The Intersection of Indigenous Communities and Modern Research

By Katrine Gorham

Places that are tough to get to. Those are the places that Dr. Alexander Kholodov and Dr. Santosh Panda seek out. As researchers from the Permafrost Laboratory at the University of Alaska Fairbanks Geophysical Institute, Dr. Kholodov (PI) and Dr. Panda work in some of the most difficult to access rural communities in the Alaskan interior. Passionate about community-science partnerships, the team engages indigenous Alaskans in meaningful contemporary research that directly relates to their day-to-day subsistence lifestyles. This mutually beneficial partnership allows traditionally under-served tribal communities the opportunity to benefit from modern scientific techniques to assess and respond to changing environmental conditions, particularly relevant as climate change impacts near-surface soil temperatures and permafrost. Rural communities – empowered with modern scientific knowledge and tools – are able to adaptively manage subsistence resources, implement safe land use practices, and plan for the future as climate change becomes increasingly impactful.

Funded by the National Science Foundation (NSF) and supported by Polar Field Services, Inc. (PFS), Dr. Kholodov and Dr. Panda are now in the third year of their partnership with rural communities in the Upper Kuskokwim region. With generations of observations and indigenous knowledge critical to a subsistence lifestyle, participants from remote villages are able to integrate their knowledge with networks of soil temperature sensors and scientific interpretation of temperature data.

As part of the partnership, Dr. Kholodov and Dr. Panda work closely with the communities of Nikolai and Telida Village, isolated villages with fewer than 100 inhabitants. Far removed from the Alaskan road system, a major barrier to conducting work in these locations is access. When asked about their experience accessing the Upper Kuskokwim region, Dr. Kholodov was quick to describe “... horrible logistical access – very difficult – we wouldn’t be able to do work there without PFS.” Providing fixed-wing aircraft charter support, PFS makes it possible for Dr. Kholodov and Dr. Panda to get where they need to go.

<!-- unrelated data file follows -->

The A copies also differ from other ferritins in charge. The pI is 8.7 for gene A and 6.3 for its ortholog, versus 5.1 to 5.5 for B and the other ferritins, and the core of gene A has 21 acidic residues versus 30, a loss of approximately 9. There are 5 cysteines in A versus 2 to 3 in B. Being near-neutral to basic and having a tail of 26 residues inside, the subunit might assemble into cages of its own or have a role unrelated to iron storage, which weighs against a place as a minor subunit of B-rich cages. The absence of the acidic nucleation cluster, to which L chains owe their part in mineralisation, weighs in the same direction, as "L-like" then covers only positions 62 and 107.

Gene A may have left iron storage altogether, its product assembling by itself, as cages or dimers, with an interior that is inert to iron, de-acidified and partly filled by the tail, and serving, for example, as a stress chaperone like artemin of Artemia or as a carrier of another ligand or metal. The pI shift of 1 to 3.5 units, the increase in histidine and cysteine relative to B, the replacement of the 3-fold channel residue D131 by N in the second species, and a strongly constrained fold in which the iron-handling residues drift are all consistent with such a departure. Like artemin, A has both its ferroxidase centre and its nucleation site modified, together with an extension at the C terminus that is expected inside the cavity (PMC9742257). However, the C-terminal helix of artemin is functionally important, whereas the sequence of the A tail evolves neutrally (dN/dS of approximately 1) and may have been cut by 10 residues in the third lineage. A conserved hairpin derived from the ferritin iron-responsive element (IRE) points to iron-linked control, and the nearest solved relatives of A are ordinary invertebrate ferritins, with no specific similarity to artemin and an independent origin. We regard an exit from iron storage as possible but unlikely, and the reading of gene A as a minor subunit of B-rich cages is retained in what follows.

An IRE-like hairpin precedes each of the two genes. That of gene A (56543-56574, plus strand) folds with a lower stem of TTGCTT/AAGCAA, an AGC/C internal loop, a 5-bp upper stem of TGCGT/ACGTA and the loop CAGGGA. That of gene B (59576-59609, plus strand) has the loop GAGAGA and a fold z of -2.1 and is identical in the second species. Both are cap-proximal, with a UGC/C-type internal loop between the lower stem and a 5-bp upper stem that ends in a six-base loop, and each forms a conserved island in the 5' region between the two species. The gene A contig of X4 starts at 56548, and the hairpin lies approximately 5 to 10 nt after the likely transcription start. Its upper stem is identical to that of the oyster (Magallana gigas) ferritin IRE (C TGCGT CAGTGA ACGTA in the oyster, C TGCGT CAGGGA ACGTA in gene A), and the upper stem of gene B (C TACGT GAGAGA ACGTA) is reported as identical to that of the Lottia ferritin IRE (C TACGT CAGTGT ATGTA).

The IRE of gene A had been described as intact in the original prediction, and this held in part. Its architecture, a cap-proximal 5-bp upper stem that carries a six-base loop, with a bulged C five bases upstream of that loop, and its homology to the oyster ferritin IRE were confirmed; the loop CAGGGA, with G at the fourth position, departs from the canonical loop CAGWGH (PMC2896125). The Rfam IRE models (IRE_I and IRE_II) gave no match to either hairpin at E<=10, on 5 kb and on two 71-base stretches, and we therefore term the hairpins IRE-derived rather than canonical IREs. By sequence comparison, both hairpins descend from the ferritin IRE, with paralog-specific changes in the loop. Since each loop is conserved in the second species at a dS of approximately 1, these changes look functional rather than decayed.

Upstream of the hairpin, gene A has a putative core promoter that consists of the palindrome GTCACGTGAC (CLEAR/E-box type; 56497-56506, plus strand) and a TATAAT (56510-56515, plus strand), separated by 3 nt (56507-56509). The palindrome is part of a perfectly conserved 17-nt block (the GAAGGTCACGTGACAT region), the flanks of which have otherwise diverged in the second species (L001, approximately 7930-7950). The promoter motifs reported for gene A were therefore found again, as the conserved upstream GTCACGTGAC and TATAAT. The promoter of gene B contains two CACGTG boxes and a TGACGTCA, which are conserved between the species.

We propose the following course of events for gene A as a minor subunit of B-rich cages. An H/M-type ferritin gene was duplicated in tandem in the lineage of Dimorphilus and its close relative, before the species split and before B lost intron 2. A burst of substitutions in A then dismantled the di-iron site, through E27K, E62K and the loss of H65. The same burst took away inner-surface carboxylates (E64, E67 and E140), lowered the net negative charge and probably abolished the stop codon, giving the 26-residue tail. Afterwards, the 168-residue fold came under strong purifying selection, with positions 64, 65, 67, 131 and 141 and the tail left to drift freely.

Map of Alaska showing rural villages of Nikolai and Telida Village, where Dr. Kholodov and Dr. Panda work with indigenous communities to conduct environmental measurements. Image credit: Telida Village Council.

Map of Alaska showing rural villages of Nikolai and Telida Village, where Dr. Kholodov and Dr. Panda work with indigenous communities to conduct environmental measurements. Image credit: Telida Village Council.

 Aerial view of the Upper Kuskokwim River, with the community of Telida Village visible in the distance. Photo credit: Permafrost Laboratory.

Aerial view of the Upper Kuskokwim River, with the community of Telida Village visible in the distance. Photo credit: Permafrost Laboratory.

Passionate about their work, Dr. Kholodov and Dr. Panda eagerly describe their goals for the multi-year village partnership. “Our first priority is to understand people’s needs and concerns in small communities that rely on subsistence resources,” says Dr. Kholodov. By engaging community partners in permafrost and climate change research, participants will improve their ability to adapt and plan for environmental changes ahead, and learn basic scientific skills that may lead to job opportunities.